Take the 2-minute tour ×
English Language & Usage Stack Exchange is a question and answer site for linguists, etymologists, and serious English language enthusiasts. It's 100% free, no registration required.

I'm assuming the entire phrase would be "don't have a coronary occlusion" meaning "don't have a heart attack." I haven't been able to find anything useful regarding when or where it might have originated.

share|improve this question
3  
Where have you looked? (This saves us wasting time and effort looking in the same places!) –  TrevorD Jul 4 '13 at 22:55
    
In addition to what Trev asks (where you've looked for an answer) you could give us more about where the question originates - which is to say, where did you hear this? Your assumption sounds reasonable, but this is not (specifically) a very common expression. "Don't have a ___" is quite common, and I expect its origin is much older than this specific version. –  hunter2 Jul 5 '13 at 7:07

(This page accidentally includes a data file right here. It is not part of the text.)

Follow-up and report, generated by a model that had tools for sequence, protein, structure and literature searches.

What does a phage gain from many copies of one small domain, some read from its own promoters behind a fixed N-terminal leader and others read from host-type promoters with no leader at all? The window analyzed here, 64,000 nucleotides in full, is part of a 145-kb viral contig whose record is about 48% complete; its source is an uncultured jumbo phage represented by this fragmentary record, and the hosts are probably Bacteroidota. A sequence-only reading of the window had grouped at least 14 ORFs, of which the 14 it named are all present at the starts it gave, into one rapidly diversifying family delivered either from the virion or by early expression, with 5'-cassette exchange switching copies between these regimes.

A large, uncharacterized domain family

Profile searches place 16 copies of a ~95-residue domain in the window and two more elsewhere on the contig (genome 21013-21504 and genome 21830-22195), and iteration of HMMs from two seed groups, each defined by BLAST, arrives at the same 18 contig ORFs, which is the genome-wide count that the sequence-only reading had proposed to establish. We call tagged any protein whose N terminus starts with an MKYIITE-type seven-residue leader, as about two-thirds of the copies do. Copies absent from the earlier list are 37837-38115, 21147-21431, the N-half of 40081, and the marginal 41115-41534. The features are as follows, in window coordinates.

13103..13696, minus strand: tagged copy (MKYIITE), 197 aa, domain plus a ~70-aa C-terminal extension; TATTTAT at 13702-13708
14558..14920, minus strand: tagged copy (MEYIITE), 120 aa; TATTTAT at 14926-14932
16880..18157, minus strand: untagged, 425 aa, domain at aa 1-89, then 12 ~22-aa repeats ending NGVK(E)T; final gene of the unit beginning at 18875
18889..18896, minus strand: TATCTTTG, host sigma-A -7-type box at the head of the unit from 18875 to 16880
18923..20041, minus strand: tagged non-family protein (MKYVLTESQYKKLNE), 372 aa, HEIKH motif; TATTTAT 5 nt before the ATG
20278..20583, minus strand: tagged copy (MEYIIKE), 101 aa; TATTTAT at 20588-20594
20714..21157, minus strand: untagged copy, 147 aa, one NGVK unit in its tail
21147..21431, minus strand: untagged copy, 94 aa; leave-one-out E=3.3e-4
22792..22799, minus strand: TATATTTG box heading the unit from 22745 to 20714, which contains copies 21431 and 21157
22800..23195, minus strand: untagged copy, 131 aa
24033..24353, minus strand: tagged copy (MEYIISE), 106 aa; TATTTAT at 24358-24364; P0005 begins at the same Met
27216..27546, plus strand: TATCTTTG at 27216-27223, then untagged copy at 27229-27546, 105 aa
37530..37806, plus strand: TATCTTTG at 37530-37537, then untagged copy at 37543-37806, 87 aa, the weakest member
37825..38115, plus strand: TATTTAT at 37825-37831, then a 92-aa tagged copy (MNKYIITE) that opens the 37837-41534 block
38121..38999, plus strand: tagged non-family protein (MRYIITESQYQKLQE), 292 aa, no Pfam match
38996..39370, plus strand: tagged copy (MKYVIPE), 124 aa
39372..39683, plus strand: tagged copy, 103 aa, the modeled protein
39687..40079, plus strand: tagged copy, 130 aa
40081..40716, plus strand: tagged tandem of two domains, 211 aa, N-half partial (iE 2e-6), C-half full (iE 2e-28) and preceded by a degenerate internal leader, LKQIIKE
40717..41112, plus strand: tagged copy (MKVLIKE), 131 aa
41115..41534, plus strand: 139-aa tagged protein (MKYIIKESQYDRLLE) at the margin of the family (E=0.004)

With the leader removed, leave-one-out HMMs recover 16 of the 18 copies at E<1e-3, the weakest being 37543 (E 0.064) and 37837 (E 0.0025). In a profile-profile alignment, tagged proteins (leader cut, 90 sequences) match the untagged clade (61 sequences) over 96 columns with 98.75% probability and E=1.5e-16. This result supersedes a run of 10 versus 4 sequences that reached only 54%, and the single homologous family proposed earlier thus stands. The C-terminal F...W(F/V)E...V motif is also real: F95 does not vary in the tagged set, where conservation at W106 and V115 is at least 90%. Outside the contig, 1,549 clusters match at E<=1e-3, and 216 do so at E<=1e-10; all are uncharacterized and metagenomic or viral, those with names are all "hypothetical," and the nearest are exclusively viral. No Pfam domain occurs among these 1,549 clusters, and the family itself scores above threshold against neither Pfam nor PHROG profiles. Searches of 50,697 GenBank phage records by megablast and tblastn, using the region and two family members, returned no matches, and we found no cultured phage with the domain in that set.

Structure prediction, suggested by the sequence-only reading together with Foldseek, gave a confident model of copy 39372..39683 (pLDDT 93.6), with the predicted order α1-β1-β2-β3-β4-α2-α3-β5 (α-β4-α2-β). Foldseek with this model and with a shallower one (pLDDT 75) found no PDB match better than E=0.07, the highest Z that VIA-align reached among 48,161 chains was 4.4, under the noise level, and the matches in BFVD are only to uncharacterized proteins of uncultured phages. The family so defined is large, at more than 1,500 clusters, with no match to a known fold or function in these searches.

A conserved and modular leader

add comment

2 Answers

It has the same meaning as "Don't have a heart attack" and is used in a way to tell the other person to calm down and not get worked up.

The earliest examples I found are in snippets from 1982 books.

Immediate Release - Page 41 - William Mathewson - 1982 - Snippet view:

"Don't have a coronary."

"Stan," Tony said, "look, I got to get back to shore."

"Yeah, yeah," said Stanley.

Marva Collins' Way - Page 135 - Marva Collins, Civia Tamarkin - 1982 - Snippet view:

God isn't finished with you and I'm not either."

"Okay, okay, don't have a coronary," Gary said, sitting down and holding up his palms in surrender.

Marva laughed. "I love your spunk. Don't ever let anyone break your will. Since you are finished, why don't you let us read your theme?"

share|improve this answer
add comment

Well, according to this google NGram, it seems to have appeared in 1960 and to have peaked in the early 70's. Perhaps it was popularized by a TV show of the time?

enter image description here

share|improve this answer
add comment

Your Answer

 
discard

By posting your answer, you agree to the privacy policy and terms of service.

Not the answer you're looking for? Browse other questions tagged or ask your own question.